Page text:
Whenever I ref a men’s club game or tournament, like I did this weekend, I invariably run into a former teammate or opponent from my playing days. After the usual pleasantries are exchanged I get asked the same question: “Why aren’t you playing today Corsetti?”
The short and funny answer is: “I’m not getting paid $50 bucks to play the game, but I do get paid that to ref it.”
The more complicated answer is: “I don’t want to play anymore.”
I rarely give out that second answer because I get a lot of perplexed looks from youth, high school, college, and men’s club players. None of them understand why I wouldn’t want to get out and mix it up with some buddies on a lacrosse field. I don’t think they believe me when I explain that if I never picked up a lacrosse stick again for the rest of my life that I would still die happy.
You see, I love lacrosse, but I never really liked playing. And that is a huge distinction to make.
Since I started playing in fifth grade at Atlanta Youth Lacrosse at Murphy Candler Park until I stopped in my final club game around 2011, I had trouble enjoying lacrosse while I played it. I had a blast with my teammates, and I rejoiced when we won games, but there was a darker side that I never liked.
Since I began playing as a child I never fully enjoyed a game because I was so self-critical. Every mistake I made was magnified in my mind as being the worst mistake ever made on a lacrosse field. I had fun, sure, but I was also plagued by self-doubt and a ridiculously critical inner-voice. As I grew older and played in more competitive games that self-doubt turned into anger. Eventually the game wasn’t any fun no matter what the final score was.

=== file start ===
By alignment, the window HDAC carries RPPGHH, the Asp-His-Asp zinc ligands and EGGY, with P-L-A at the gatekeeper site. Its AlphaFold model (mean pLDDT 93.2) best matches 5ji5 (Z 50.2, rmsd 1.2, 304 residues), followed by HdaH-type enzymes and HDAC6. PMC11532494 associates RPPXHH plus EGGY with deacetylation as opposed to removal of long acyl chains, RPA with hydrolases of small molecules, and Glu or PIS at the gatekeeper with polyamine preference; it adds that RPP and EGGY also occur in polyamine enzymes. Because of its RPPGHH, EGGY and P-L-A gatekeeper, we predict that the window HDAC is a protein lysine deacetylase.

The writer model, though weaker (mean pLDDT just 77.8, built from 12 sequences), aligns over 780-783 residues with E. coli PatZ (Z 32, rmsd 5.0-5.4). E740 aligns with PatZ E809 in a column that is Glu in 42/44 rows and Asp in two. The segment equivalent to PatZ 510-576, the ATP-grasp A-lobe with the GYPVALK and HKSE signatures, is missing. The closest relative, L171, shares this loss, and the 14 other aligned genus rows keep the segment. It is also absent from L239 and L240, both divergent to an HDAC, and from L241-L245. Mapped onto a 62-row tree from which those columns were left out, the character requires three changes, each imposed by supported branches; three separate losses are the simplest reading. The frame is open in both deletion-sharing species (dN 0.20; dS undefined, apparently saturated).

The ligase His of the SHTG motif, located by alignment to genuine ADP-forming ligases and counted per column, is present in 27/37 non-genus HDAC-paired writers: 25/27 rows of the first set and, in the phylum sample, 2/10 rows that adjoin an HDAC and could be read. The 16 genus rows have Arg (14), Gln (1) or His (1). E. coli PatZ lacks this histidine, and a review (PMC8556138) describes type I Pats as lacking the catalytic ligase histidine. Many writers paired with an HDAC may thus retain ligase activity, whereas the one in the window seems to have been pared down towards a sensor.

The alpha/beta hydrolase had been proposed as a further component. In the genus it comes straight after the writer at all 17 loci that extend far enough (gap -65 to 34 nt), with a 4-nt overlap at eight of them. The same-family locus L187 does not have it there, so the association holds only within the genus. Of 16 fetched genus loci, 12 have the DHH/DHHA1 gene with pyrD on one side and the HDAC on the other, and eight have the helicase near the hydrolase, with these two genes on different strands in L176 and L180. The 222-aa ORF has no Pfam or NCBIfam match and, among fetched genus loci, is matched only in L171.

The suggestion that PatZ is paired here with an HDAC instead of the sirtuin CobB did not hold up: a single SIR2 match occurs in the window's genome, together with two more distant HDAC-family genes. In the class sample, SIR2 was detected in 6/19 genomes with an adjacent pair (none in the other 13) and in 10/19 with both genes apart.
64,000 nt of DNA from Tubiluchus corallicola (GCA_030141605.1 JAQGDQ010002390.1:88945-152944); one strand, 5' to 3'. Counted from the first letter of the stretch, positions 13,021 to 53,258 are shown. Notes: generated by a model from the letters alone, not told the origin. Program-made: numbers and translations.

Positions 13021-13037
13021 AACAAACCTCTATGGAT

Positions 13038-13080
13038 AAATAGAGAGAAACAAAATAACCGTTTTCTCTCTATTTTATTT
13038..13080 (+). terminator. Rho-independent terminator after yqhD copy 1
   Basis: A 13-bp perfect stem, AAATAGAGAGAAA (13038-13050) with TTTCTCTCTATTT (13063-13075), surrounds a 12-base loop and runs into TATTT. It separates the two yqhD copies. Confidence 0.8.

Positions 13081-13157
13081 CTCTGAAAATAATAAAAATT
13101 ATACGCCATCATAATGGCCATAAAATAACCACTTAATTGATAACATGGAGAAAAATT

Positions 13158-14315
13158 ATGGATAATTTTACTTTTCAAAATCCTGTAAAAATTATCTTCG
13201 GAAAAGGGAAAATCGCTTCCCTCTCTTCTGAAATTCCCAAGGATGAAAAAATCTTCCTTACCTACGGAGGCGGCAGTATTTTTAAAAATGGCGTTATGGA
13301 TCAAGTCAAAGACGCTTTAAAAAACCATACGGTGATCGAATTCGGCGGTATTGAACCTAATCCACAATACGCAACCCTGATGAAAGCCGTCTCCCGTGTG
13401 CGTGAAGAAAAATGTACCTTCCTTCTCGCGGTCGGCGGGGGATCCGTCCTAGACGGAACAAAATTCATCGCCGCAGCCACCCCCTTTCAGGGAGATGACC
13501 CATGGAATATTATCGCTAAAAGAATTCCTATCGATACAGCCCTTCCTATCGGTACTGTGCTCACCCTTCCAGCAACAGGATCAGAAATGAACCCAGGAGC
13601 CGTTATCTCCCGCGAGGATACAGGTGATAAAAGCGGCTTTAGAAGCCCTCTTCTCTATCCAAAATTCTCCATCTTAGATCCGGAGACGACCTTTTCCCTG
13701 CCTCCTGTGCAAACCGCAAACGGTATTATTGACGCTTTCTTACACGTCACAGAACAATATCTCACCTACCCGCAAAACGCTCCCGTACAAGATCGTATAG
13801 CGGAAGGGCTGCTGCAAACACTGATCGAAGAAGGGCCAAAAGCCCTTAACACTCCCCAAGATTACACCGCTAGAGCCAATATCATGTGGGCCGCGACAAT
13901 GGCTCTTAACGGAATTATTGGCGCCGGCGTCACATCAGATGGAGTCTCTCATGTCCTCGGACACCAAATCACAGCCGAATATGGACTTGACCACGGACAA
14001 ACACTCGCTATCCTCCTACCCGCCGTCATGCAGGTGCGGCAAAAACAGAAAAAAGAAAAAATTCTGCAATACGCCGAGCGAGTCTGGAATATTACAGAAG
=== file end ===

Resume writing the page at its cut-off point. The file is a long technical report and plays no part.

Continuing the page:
I spent ten years playing lacrosse turning much of my anger towards myself, and at twenty-two years old I played a men’s club game out in north Georgia with some friends. The team played well, I played well, we won with a comfortable lead, and I was miserable driving home. I was miserable because I got stripped of the ball on a clear. I was pissed off at myself in a game that had zero meaning. So I made the decision then and there that I no longer wanted to play lacrosse.
I never liked playing lacrosse, but I loved the game then and I love it now. The only difference is I get to officiate, which allows me to cultivate a mental attitude that I am much happier with. For me, the best part about officiating is that I only have one metric that I judge myself on, which is:
- Did I give everything I had to the two teams playing?
- As one high-level official I met said, “If the players are going to give 100%, I am going to give 100%.”
The second best part about officiating is that you never win and you never lose. You either did a good job or you didn’t. For some reason that tiny difference turns my competitively hot anger against myself into a cool anger. When I make a mistake that cool anger keeps me hyper focused on the game in front of me, and it drives me to make sure that I don’t commit any more mistakes for the rest of the game.
Officiating lets me be my self-critical self without being destructive. I tell people who ask me why I officiate the following:
When I ref a game I get to be the calm center of the swirling tornado around me. I step on and off the field with a calm and relaxed mindset. That makes me happy.
I’m still competing to be the best lacrosse official I can possibly be, but it took me over fifteen years to realize that while lacrosse is a competitive game, it is still just a game, and I’m not going to crucify myself mentally for not hitting my generally too-high standards.
I love lacrosse, and I like officiating. So that’s what I’m going to stick with until I can transfer my officiating mentality into my playing mentality.
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